Is Iran a Threat? info
More and more people seem to take it as given that a nuclear-armed Iran would use its nuclear weapons to attack the United States. Yet, there is no plausible argument, and very little evidence, for that conclusion.
First, we found out that we could co-exist with the Soviet Union, a country with hundreds of times the number of nuclear weapons that Iran could ever hope to have. How did we co-exist? Very simple. We made it clear that if the Soviet Union attacked us with nuclear weapons, we would respond all-out against the Soviet Union with such weapons. The so-called doctrine of Mutual Assured Destruction (MAD), though it was mad in a certain sense, worked. The Soviet Union never attacked us.
But, say the critics, Iran is different. They have all those mad mullahs over there who don’t care about life on earth and simply want to destroy — fill in the blank — Israel, the United States, or Israel and the United States. Yet there is little evidence that the leaders of Iran are mad. Instead, they are cautiously conservative.
Ah, say the critics, but President Ahmadinejad is a madman. Think about that term “madman.” I’ve never seen that term thrown around so loosely in my lifetime as in the years since 2001. “Saddam Hussein is a madman.” “Muhammad Gaddafi is a madman.” “Ahmadinejad is a madman.” The neoconservatives and others who make such charges rarely give evidence for it. They just assert that such people don’t care if they live or die and are, therefore, willing to do almost anything in pursuit of their goals. Notice that those same people virtually never make the charge against evil dictators who are U.S. allies. The best one-line refutation of this standard charge against foreign dictators that the U.S. government dislikes is one that President Carter’s secretary of defense, Harold Brown, gave when discussing the Iranian hostage crisis. When told that the Ayatollah Khomeini didn’t care whether he lived, Brown responded, “A man who makes it to age 80 cares whether he lives.”
Moreover, even if Ahmadinejad were mad — and there is no evidence that he is — the position of president, the job Ahmadinejad holds in Iran, is not like the position of president in the United States. Most of the power resides with a Muslim oligarchy and with the supreme guide, which is why the “supreme guide” had the power to tell Ahmadinejad to shut up when it came to talking about the Holocaust. The position of president there is kind of like the position of vice president in the United States, or at least the position of vice president before Dick Cheney.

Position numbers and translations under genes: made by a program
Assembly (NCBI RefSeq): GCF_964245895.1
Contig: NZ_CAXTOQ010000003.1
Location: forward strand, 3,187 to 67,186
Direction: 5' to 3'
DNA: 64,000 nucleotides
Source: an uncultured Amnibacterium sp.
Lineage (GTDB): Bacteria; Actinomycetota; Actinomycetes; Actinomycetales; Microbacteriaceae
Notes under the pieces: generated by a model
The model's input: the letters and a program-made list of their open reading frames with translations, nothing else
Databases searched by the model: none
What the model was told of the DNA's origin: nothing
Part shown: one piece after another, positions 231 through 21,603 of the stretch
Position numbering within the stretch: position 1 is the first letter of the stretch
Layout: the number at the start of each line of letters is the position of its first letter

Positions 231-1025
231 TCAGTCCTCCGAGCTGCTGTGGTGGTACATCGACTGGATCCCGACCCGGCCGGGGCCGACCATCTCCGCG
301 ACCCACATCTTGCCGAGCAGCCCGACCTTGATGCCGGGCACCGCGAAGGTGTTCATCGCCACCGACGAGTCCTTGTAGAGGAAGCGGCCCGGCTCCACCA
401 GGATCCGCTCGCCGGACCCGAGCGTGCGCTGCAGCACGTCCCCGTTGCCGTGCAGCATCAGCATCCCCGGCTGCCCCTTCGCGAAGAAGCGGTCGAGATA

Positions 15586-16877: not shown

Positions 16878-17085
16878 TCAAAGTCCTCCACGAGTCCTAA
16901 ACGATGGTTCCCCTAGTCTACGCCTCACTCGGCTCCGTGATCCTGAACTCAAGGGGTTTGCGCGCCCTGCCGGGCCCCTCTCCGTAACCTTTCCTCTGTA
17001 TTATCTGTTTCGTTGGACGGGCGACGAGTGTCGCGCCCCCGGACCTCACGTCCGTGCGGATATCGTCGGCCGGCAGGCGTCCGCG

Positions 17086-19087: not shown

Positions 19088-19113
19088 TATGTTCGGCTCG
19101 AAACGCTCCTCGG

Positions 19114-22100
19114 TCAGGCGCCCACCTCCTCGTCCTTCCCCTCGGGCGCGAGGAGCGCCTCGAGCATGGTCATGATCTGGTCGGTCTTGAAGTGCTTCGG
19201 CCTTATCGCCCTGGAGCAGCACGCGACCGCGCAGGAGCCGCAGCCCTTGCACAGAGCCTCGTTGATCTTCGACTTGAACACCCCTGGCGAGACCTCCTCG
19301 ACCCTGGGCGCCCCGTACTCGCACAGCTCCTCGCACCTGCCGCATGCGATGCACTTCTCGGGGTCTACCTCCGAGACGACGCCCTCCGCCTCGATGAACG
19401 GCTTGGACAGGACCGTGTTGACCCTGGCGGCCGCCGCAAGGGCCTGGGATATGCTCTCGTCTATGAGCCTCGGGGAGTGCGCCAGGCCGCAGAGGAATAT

For the last few years, the U.S. government and some other governments have wanted to dissuade Iran’s government from pursuing nuclear weapons. To do so, they have imposed increasingly stringent sanctions on Iran. It’s not clear how effective such sanctions can be. The companies and governments that the U.S. government threatens to penalize if they export gasoline to Iran might just be replaced by companies over which the U.S. government has little leverage. But let’s assume that the sanctions can do real harm. What happens next?
One thing we can be sure of is that President Mahmoud Ahmadinejad are not doing without gasoline. No. The people who do without gasoline, or with less gasoline, are everyday Iranians who have approximately zero say in the policies that the U.S. government wants to change. The further tragedy in the case of Iran is that there does appear to be a strong moderate element there that would like to have better relations with the United States, as well as with other people and governments in the West. By tightening the screws on Iran, the U.S. government is nipping this movement in the bud.
When I was a kid, the boy next door, once played a nasty trick on my friend, Paul. He held his cat in his arms, brought it within a few inches of Paul’s face, and pulled its tail. The suddenly angry cat bit Paul’s face. My friend and I were upset; we both thought that the cat, if it bit anyone, should have bitten the perpetrator. When governments impose economic sanctions on people in other countries, they, too, are pulling the cat’s tail. The intent was to get his cat to bite my friend. His plan worked. The intent of the government that imposes sanctions is often to get the people in the target country to “bite” their government. That typically doesn’t work. Why? People are smarter than cats.
But when Iranians suddenly find gasoline in short supply or more expensive, so that even getting to work or to the store is a challenge, they will wonder who is responsible. It won’t be hard for them to find out. Although the government of Iran has a great deal of power to censor what newspapers, radio, and television report, one piece of information that it’s sure not to censor is the role of outside governments in the country’s economic distress. What do people in embargoed countries do when they find out that foreign governments threaten them? They want to do what my neighbor’s cat would not do: bite the hand or face of the perpetrator. The idea that one country’s government can, by inflicting pain on people in another country, cause them to pressure their government to change is the stuff of fiction — and not good fiction.
But I do have a partial solution: End all current sanctions on Iran, end subsidies to Israel and all other countries in the Middle East, and pull all U.S. troops out of the Middle East. These actions, more than any others, would go a long way toward convincing Iranians that the U.S. government is not a threat. Otherwise, many of them will think, justifiably, that the U.S. government is like my cruel neighbor who used his innocent cat as a weapon.